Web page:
Guidance for Employers on Medical Loss Ratio Rebate Checks, Free Webinar August 7
Members may receive a Medical Loss Ratio rebate check mailed recently from their insurance carriers.[i] Your treatment of this rebate check may be more complex than apparent. Generally, you have 90 days to make your determination and payments, if appropriate.
Employers who are state or local governments or church plans are exempt from the Employee Retirement Income Security Act (ERISA), and the following information would not apply. These exempt employers should instead refer to HHS Guidance, 76 Fed. Reg. 76596 (Dec.7, 2011).
Due to ERISA complexities, what to do with the refund depends on several factors. As a service to members, MSEC will be hosting a free webinar on August 7 at 1:00 p.m. to review those factors and assist you in considering your options. We invite you to bring questions with you for this webinar. Click here for more information.
In the meantime, be aware that:
· If the rebate check is de minimis (which the IRS has stated averages under $20 per employee[ii]), there is no need to provide employees refunds.
· If $20 or larger per employee, the rebate may well be considered a “plan asset” under ERISA[iii], and employers must follow fiduciary requirements in deciding what to do with the rebate.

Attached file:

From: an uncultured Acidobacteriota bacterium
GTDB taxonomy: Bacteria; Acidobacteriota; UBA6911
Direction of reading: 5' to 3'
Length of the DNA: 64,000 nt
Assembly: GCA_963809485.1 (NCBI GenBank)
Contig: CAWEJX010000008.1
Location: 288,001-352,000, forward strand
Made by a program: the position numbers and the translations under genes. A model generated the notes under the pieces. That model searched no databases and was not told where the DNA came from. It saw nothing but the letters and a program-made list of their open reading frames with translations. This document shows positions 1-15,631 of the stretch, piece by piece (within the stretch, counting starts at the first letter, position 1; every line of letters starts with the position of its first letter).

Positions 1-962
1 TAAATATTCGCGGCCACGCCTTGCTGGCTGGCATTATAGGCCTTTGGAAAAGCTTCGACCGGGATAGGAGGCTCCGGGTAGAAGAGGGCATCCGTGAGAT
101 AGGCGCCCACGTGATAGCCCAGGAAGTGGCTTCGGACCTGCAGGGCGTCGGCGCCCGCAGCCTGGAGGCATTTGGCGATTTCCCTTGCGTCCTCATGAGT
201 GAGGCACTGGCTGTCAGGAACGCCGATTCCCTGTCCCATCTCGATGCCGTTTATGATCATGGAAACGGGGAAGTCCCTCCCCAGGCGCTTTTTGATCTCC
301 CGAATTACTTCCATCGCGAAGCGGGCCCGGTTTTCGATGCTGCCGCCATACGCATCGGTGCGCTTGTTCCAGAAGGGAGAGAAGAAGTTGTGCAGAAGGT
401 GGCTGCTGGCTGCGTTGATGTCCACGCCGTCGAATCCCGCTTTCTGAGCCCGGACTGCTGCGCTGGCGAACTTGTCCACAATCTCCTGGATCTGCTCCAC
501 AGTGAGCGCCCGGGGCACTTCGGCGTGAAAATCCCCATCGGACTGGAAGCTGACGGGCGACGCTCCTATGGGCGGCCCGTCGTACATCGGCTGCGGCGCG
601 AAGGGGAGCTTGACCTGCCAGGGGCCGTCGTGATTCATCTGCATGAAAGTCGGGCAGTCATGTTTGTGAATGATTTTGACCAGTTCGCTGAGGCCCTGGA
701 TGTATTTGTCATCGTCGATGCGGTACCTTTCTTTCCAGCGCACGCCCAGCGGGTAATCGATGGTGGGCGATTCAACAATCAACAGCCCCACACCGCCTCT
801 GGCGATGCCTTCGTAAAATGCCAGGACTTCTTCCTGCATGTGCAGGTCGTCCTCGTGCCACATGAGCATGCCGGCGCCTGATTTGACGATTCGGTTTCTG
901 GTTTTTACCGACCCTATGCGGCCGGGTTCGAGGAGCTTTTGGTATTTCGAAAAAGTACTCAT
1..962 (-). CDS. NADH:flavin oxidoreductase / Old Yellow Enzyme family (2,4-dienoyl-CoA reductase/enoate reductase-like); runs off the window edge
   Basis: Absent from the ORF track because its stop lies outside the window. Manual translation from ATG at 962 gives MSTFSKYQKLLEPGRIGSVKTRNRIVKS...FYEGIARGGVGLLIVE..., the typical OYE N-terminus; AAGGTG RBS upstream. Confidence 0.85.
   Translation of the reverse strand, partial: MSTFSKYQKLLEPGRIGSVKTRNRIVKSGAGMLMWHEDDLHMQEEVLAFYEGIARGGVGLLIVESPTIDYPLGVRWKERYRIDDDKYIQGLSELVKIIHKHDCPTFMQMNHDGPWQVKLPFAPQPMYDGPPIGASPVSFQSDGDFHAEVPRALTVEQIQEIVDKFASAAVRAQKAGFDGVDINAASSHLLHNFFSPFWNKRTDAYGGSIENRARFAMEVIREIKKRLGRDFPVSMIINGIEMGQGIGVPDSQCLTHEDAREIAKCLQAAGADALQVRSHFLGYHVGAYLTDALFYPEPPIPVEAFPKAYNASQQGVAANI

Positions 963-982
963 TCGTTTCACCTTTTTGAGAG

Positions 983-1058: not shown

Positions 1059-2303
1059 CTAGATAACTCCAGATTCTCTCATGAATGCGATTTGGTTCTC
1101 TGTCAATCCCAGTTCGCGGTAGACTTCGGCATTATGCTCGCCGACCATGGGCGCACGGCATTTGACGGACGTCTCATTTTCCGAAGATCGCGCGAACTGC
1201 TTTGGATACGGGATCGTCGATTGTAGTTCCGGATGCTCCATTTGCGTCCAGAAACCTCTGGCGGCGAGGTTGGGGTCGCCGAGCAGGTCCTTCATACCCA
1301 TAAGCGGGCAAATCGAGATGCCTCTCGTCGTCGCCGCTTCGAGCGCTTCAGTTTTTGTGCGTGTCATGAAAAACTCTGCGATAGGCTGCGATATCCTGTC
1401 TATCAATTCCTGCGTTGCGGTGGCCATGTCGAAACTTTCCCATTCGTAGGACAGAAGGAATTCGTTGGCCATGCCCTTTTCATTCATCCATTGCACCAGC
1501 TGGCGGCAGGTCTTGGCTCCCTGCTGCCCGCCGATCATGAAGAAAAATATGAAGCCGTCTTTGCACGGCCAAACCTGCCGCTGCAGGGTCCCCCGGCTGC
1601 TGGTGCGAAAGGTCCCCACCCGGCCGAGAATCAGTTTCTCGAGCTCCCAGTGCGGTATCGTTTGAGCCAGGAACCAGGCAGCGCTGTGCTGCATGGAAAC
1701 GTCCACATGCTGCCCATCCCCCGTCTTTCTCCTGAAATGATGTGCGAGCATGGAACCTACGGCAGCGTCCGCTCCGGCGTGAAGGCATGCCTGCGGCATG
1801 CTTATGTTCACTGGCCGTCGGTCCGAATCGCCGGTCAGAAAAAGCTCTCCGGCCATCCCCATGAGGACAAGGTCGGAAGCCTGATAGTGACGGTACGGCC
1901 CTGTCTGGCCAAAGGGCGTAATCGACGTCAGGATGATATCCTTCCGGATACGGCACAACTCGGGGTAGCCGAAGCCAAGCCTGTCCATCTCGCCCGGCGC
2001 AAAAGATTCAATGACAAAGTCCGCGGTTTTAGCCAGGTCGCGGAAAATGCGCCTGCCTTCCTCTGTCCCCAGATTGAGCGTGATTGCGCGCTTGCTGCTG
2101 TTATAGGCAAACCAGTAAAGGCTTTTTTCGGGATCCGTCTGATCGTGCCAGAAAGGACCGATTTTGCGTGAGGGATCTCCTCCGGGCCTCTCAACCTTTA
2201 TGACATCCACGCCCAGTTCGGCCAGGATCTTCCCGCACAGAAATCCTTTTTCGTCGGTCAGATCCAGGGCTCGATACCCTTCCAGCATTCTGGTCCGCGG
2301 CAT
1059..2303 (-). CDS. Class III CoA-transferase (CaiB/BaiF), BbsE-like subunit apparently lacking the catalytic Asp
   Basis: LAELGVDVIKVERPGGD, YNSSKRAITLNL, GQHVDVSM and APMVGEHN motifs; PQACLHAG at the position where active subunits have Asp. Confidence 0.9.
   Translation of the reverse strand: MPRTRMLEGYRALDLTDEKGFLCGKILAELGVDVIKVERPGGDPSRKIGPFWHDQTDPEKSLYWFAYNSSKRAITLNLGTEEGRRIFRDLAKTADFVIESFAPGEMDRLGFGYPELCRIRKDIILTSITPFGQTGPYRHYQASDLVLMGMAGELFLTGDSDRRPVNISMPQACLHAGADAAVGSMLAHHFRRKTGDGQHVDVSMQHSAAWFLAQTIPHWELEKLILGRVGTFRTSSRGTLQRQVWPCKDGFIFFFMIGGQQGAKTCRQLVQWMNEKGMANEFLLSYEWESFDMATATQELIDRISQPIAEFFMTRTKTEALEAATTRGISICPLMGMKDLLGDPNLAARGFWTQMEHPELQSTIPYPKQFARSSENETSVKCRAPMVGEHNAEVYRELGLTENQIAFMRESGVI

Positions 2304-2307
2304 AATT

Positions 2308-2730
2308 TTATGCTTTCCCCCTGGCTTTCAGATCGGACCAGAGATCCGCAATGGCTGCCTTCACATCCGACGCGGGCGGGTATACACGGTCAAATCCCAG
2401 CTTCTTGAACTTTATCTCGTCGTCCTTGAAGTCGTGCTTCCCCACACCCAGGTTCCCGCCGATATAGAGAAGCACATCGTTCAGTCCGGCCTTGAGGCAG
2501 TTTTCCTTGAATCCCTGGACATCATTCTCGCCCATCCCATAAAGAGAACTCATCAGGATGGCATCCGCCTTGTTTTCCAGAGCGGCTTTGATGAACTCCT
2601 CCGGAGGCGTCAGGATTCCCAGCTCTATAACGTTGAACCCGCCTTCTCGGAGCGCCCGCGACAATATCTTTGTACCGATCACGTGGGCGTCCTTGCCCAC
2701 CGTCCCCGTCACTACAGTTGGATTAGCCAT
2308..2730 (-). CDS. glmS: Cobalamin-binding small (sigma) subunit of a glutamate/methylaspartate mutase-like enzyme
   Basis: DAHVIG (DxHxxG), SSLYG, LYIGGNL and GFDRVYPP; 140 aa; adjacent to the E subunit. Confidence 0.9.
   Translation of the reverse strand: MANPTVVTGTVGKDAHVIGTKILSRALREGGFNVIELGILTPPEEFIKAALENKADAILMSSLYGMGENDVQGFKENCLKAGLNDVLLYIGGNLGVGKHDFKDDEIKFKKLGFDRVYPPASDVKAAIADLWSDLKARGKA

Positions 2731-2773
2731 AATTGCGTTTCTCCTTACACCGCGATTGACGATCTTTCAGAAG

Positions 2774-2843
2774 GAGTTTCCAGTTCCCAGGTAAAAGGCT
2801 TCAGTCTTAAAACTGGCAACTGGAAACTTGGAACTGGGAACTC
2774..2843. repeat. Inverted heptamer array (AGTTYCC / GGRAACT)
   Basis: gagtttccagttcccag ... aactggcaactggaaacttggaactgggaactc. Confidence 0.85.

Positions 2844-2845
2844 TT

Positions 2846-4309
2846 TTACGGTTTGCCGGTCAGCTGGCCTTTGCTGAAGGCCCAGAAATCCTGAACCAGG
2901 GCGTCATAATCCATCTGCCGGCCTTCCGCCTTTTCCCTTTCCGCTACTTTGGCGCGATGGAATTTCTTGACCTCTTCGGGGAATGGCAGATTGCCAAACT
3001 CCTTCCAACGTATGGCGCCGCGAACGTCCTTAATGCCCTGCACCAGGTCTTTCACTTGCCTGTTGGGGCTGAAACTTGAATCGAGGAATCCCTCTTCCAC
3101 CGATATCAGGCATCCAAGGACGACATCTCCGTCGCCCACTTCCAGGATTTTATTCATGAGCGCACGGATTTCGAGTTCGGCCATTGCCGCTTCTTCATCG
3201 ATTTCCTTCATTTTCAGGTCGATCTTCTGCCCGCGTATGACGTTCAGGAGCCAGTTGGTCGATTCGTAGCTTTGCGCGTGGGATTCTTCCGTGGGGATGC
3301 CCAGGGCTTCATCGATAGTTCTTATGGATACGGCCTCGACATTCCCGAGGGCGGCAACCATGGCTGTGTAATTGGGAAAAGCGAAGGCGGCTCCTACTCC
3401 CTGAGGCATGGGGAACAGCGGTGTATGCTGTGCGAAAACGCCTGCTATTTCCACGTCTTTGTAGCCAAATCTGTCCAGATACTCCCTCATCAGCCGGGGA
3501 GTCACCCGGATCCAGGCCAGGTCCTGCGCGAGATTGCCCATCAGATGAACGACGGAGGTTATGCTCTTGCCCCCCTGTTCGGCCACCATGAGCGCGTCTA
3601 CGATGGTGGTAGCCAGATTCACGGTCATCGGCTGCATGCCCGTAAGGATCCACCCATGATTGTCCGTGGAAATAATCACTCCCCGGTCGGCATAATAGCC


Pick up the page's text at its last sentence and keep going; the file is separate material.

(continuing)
· Insurance carriers are sending notices to your participants that you (their employer) will be receiving this rebate. The letters to employees are just beginning to be received, and as such, your employees may come to you with questions this week.
· ERISA requires fiduciaries to act in the best interest of the participants (not the employer) and to document their deliberations before making a decision. Considerations include:
o How many plans the employer offers
o The contribution split between employee and employer if shared
o Whether employee contributions were taken pre-tax or after tax, as rebate checks may be taxable compensation; other uses may trigger imputed income
o If refund checks are issued, whether or not you consider terminated employees
o How to handle COBRA participants
o Whether language in your insurance contracts or plan document directs the disposition of your rebate
[i] Rebates are from insurance carriers where the carrier spent less than the targeted 80% of each premium dollar paid on medical related claims (or 85% for large employers) during the 2011 year.
[ii] 45 CFR sec 158.243(a)(1).